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by Rabbi Shmuel Weiss    
Torah from Dixie Staff Writer    

The outstanding feature of this week’s Torah portion is the infamous rebuke, the chilling warning of the horrible consequences that may await us if we fail to follow Hashem’s prescribed lifestyle.



At the heart of this admonition is the reason why all this could come down upon us: "Because you did not serve Hashem with joy." You see, it is not enough to go through the motions and learn Torah, do mitzvot, and pray. All these acts must also be infused with happiness, joy, and distinctly positive energy.

Wait a sec: You mean, I gotta do all this stuff, and I gotta like it, too?! Yes, you do, for a simple, basic reason. When a person performs a mitzvah and is happy about it, it becomes clear that he perceives that the mitzva is being done not for Hashem’s benefit, but for his own. And whenever we do a thing for our own good, which gives us benefit and pleasure, we are happy about it. Understanding that mitzvot all "go into our own pocket" invariably increases our zeal for mitzvot and our attitude when performing them.

But there is yet another flip side to understanding this verse. The Kotzker Rav, one of the leading Chassidic Rebbes of the mid-19th century, suggested that we read these words with a comma before the word, "happily." So, now the meaning becomes: "Because you did not serve your G-d, happily." In other words, not only did we reject G-d’s way; we happily rejected it. That is why we’re punished.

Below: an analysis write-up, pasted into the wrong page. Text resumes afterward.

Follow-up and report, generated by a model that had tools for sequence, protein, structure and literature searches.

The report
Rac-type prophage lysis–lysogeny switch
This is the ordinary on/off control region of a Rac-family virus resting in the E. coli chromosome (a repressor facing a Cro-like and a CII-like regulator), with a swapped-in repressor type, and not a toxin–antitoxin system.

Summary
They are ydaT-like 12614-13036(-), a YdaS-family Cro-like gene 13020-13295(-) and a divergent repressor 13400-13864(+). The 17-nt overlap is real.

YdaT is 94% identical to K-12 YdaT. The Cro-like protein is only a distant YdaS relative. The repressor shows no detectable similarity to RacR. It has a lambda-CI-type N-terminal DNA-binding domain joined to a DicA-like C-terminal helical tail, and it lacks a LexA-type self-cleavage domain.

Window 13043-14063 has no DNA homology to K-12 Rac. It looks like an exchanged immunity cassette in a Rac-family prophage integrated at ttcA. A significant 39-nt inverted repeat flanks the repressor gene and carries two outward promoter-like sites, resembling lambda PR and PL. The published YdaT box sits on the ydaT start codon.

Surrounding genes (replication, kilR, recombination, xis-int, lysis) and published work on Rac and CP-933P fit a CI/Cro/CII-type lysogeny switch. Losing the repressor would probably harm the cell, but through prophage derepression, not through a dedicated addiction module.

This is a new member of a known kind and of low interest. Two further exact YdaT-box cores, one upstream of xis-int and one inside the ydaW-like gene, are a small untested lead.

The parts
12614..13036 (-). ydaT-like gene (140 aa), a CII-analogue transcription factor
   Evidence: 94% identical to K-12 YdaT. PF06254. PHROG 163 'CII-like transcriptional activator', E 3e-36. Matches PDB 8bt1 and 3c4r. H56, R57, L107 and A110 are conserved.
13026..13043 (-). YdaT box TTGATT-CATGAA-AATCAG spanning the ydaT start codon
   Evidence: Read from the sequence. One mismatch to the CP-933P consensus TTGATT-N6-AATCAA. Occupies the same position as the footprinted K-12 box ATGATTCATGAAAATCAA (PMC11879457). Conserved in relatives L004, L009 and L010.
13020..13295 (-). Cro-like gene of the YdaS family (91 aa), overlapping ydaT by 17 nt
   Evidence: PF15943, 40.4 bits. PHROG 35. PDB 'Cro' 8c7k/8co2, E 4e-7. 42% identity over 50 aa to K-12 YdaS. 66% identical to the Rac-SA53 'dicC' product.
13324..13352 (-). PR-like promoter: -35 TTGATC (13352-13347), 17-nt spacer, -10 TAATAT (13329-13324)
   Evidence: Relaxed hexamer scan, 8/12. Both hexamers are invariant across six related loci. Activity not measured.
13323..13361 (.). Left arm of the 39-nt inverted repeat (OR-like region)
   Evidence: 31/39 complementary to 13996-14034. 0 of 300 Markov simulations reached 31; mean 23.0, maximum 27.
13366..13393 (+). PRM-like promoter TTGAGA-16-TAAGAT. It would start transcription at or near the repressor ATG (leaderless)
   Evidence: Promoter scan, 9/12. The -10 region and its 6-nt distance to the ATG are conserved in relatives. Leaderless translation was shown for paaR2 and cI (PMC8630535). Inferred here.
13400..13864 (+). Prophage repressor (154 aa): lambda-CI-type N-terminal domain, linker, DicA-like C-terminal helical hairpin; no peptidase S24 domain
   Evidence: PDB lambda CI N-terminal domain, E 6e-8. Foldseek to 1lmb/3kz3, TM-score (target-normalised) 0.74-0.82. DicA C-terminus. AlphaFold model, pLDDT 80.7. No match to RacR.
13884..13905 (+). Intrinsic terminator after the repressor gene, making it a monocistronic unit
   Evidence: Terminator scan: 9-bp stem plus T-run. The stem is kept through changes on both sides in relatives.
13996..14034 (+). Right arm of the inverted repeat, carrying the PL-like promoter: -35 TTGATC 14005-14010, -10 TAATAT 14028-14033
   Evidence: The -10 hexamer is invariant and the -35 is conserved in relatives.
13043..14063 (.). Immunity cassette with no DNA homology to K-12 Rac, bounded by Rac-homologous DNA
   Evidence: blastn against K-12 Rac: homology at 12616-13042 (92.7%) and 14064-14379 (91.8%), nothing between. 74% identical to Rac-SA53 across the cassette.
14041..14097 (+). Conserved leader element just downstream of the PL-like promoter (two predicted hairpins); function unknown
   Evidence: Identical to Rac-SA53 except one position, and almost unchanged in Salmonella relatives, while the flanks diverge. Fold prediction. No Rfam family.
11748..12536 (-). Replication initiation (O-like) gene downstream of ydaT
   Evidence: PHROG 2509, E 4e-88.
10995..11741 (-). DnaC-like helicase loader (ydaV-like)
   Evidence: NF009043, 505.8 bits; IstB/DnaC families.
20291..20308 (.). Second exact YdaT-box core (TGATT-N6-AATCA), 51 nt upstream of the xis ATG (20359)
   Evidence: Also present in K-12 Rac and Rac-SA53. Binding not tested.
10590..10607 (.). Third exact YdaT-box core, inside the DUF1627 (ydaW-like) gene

Once, I encountered two of my congregants who were violating the Shabbat. Later, I said to my wife that one of these people will probably do teshuvah (repentance) and change for the better. "Which one?" she asked with a puzzled look. "The one who was embarrassed when I saw him," I replied. That one had a red face and looked down at the ground, clearly ashamed of what he was doing. The other fellow was perfectly content — even happy — about his actions, and so his chances of overhauling his behavior were slim.

We all know the adage that a sin, once committed, is repulsive; twice committed, it becomes as if it is allowed. Rav Yisrael Salanter added, "Thrice committed, it becomes as if it was required."

During these weeks prior to Rosh Hashanah, as we try to heighten our sensitivity to mitzvot and devotion to holiness, let us try to discover joy in our Judaism. But if we slip and don’t quite get there, let us at least acknowledge our short-comings, and never be happy or satisfied with them.


Rabbi Shmuel Weiss, a close friend of the Torah from Dixie family, is the director of the Jewish Outreach Center in Rana’ana, Israel.

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